Advocates of Chained CPI say it will more accurately reflect price inflation. Don’t you believe it. Rather than accurately reflect inflation, it will give the government numbers crunchers a way to disguise inflation. And the established leaders of both parties agree this is a good idea.

Consider: President Barack Obama is arguably the most Left-wing president of the last 50 years. The Heritage Foundation is arguably the most influential Right-wing think tank in the nation. They agree on Chained CPI. They both endorse it, demonstrating that the Left and Right wings of the political establishment lift the same bird of prey.

This is another reminder that the sound and fury emanating from the Democrat and Republican establishments is mostly just noise. On major issues, the arguments are rarely over fundamentals. Tea Partiers and Independents have been the rebels in the fight against ObamaCare. The Republican establishment would be happy to make peace with it. Now the establishment wants to reduce Social Security and other entitlement spending, and have glommed on to Chained CPI as a way to do it without making the American people too angry about it.

Obama has already shown his willingness to cut entitlements, as long as he can shift the money to other entitlements he values more. Don’t scoff. Obama has already admitted to diverting money from Medicare to fund his signature health insurance law, formally known as the Patient Protection and Affordable Care Act and informally known as ObamaCare. In fact, during the 2012 election, that was the only big problem Mitt Romney seemed to have with ObamaCare.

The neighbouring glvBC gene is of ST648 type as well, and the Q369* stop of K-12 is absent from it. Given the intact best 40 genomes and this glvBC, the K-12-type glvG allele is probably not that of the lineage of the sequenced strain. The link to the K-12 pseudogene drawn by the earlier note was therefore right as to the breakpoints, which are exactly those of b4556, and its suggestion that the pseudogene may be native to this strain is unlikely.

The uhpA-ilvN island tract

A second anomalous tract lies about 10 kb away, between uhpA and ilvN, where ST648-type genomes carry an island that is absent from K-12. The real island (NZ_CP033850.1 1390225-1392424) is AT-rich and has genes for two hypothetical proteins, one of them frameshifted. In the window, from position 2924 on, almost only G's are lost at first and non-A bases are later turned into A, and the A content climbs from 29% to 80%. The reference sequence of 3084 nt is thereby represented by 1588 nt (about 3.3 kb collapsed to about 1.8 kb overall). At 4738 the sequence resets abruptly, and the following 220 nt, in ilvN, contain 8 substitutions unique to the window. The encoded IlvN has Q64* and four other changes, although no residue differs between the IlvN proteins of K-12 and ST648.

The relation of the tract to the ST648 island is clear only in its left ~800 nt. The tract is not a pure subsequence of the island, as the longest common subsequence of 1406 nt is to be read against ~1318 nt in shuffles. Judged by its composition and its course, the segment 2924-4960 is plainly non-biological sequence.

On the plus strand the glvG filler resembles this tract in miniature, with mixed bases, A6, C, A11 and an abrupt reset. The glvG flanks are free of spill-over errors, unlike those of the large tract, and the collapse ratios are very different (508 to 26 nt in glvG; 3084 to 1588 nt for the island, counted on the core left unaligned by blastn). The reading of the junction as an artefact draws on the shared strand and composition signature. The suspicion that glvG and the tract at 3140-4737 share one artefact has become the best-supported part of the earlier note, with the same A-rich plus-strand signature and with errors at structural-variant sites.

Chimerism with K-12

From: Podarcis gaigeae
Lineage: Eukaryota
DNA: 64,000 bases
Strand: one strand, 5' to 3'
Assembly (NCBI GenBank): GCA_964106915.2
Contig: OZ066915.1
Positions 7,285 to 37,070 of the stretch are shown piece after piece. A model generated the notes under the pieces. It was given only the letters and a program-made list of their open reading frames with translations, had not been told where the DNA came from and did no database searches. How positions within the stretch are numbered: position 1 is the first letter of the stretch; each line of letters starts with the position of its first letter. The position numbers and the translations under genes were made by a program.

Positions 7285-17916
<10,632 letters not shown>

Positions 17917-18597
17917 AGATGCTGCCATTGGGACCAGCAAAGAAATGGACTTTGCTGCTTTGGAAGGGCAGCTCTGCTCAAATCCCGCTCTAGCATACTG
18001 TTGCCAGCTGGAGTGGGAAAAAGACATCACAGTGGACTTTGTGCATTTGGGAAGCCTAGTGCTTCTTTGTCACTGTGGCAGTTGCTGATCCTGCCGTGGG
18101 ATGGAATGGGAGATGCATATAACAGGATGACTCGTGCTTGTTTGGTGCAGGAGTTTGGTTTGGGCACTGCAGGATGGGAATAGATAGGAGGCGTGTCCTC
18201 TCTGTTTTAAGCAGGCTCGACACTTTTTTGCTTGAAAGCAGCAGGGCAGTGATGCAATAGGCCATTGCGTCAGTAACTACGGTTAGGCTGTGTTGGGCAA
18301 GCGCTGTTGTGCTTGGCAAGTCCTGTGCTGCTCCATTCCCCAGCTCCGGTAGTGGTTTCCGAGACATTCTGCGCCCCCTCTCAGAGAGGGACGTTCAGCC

This would not be the first time the Left-wing and Right-wing political establishments have seen eye-to-eye. That individual mandate to buy health insurance that offends so many opponents of ObamaCare? That idea originated with Heritage Foundation’s Stuart M. Butler, who in 1989 issued a report called “Assuring Affordable Health Care for All Americans.” A centerpiece of that proposal, as with ObamaCare, was a provision to “mandate all households to obtain adequate insurance.”

In 1993, two different Republican bills requiring an individual mandate to buy health insurance were introduced in Congress. In 2006, Romney, then the Republican governor of Massachusetts, signed into law his signature achievement as governor. It’s a law known as RomneyCare, which includes an individual mandate to buy health insurance and virtually every other major facet of ObamaCare.

This was by design – literally. Here’s Obama acknowledging the fact about one month before the November 2012 president election in which he defeated Romney for the presidency. Here’s one of those advisors, Massachusetts Institute of Technology economist Jonathan Gruber, who worked with Romney to help design RomneyCare, and then worked with the Obama administration to help design ObamaCare, echoing the idea.

Just as the Republican and Democratic establishments found common cause in the mandate-based approach to health insurance, today they would be happy to make peace with the mendacious Chained CPI.

Some in Congress get it. Earlier this month, Social Security Works and the Alliance for Retired Americans joined about 20 members of the Congressional Progressive Caucus for a “Human Chain” press conference near the U.S. Capitol building. Their press release said the event was held “in opposition to the Chained CPI Social Security benefit cut.” But even now, Chained CPI is rumored to be on the docket for the upcoming budget committee talks.

Rather than lie about inflation, people in government should declare the truth: The government cannot sustain these entitlement programs as they are structured, so they’re going to be cut. This would be a form of default, but at least it would not be a form of deception.

Steve Stanek is a research fellow at The Heartland Institute.

Photo by Jo Jakeman